Nighttime is the right time for summer tomatoes


The recent streak of hot weather may have been hard on humans, but the tomatoes probably enjoyed it. Tomatoes like rotten, hot weather. They are especially fond of hot nights. On the nights when humans are squirming and complaining, tomatoes are busy setting fruit and doing all the other plant-type activities that lead to more tomatoes.

I learned this hot-time-in-the-old- tomato-patch-tonight theory several years ago. I got it from an occasionally reliable source, a tomato night-life pamphlet given away at a garden center. I have since lost the pamphlet, but I remember its essential points.

All the commotion starts when the nocturnal temperature hits 80 degrees, or maybe it was 70 degrees. Anyway, once it gets hot at night, the tomato plant gets active. It produces yellow blossoms, which turn into green tomatoes. These eventually turn into ripe tomatoes. And these tomatoes turn into bacon, lettuce and tomato sandwiches, one of the greatest foods on earth.

I confirmed findings on tomato behavior, sorta, in an telephone interview with Pam Pahl. She, along with her husband, Les, grow tomatoes, lots of them, on their family farm in western Baltimore County. They sell their tomatoes, along with corn, beans and other vegetables at various farmers markets in Baltimore and Howard counties.

When I called the Pahls, Les was headed out the door on his way to Frederick to get spare parts for a tractor. But Pam had a little time to explain how their crops had weathered the recent series of 100-degree days.

She was worried about the sweet corn. Corn, she explained, needs a lot of water. She and her husband had been irrigating their crops with water drawn from the three ponds on their farms. But one pond was already dry. Rain was needed both to quench the corn crop and to fill up the ponds, she said.

Tomatoes, however, were a different story. Mature tomato plants take to the heat. We did not discuss the particulars of the tomato's late-night activities. But it was agreed that once a tomato has set down roots, it likes it hot.

Finally I tested my hot tomato theory by spending several days on the Eastern Shore, eating lots of home-grown tomatoes.

Long ago I learned that the Eastern Shore is the cutting edge. The folks in the communities on the eastern side of the Chesapeake Bay may not be the first to have their body parts pieced or their chests shaved. But they always have the first good tomatoes of the season. Moreover, when it comes to the appearance of sweet corn and melons, Eastern Shore farmers are days ahead of farmers in other parts of the state. That is because the Eastern Shore is hotter longer. No doubt about it, agriculturally speaking, the Eastern Shore is avant garde.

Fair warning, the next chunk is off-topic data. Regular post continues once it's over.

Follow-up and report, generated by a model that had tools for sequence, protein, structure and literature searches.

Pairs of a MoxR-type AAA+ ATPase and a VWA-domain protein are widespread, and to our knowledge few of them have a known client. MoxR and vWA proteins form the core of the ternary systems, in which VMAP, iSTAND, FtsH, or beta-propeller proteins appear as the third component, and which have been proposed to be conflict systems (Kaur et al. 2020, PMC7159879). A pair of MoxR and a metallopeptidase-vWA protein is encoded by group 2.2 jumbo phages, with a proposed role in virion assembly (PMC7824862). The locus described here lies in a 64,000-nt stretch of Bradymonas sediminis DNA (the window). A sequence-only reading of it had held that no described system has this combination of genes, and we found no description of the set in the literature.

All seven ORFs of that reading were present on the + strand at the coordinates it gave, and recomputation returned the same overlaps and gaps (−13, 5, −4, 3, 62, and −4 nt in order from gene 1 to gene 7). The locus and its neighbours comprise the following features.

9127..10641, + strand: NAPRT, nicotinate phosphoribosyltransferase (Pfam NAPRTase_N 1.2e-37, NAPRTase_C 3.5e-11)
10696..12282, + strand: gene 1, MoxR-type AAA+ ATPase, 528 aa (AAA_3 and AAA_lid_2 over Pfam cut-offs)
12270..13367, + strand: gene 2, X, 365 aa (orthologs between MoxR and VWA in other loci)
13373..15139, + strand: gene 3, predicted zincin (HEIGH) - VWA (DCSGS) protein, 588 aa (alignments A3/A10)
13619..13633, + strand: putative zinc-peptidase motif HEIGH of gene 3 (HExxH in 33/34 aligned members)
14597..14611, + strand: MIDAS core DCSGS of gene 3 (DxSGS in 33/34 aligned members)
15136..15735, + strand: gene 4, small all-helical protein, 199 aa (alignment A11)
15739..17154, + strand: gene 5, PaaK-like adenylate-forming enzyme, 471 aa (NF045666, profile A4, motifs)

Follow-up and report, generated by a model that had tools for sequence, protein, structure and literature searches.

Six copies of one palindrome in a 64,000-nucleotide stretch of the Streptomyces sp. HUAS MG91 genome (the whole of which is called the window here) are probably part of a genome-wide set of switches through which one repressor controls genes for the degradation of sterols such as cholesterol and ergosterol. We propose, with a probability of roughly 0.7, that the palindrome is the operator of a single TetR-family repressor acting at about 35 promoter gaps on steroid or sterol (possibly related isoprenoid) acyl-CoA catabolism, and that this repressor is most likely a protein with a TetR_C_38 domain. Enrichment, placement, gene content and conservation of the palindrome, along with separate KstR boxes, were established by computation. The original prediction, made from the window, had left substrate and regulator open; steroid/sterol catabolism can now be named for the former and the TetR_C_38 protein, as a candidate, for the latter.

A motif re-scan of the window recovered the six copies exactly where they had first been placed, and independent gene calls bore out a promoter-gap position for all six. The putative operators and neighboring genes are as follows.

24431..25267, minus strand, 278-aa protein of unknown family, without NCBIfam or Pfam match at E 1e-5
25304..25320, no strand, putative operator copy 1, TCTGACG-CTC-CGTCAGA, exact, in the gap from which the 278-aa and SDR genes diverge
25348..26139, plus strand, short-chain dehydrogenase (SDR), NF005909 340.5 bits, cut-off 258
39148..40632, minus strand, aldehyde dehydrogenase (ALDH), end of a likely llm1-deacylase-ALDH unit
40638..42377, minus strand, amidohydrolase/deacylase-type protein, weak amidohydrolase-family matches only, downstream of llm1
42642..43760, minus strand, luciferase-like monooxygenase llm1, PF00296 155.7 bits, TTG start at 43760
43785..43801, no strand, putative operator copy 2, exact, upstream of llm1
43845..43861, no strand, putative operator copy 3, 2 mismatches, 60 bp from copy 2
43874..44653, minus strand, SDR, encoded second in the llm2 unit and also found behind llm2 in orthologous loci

The corn, for example, that I ate on Eastern Shore was white and sweet. The watermelon was dark red and sweeter. But the local dish that sent me reeling with delight was the tomato.

It was red all the way through and had that unmistakable flavor and free-ranging juice of a tomato that only recently had been removed from a happy life in a sunny field.

I knew there were lots of intriguing things I could do with such fresh tomatoes.

I could, for instance, bake them and stuff them with a mousse made of fava beans. Or I could sprinkle olive oil and mint leaves on them and bake them in pan filled with water. I found these tomato treatments in a new book, "The Great Book of Vegetables" by Antonella Palazzi (Simon & Schuster, $40).

They looked appealing, but I hungered for more direct forms of tomato pleasure.

So I put slices of the fresh tomato on bacon, lettuce and tomato sandwiches. Sometimes I just ate the tomatoes whole.

I carried a few of the prized Eastern Shore tomatoes back with me to Baltimore. But they were quickly dispatched. I had one of the last ones for lunch. I bolted from the office in the middle of the day, drove home and swept it off the kitchen counter.

Once the Eastern Shore tomatoes were gone, I checked on the crop on the western side of the Bay Bridge.

I was delighted to hear Pam Pahl say that, thanks in part to the hot weather, the tomato crop was beginning to come in. That meant real tomatoes would soon be in the various farmers markets.

And one evening I visited the tomato plants in my small garden. And I gave them a little water, and pulled some weeds around them.

But once it started to get dark, I left them alone.

Copyright © 2019, The Baltimore Sun, a Baltimore Sun Media Group publication | Place an Ad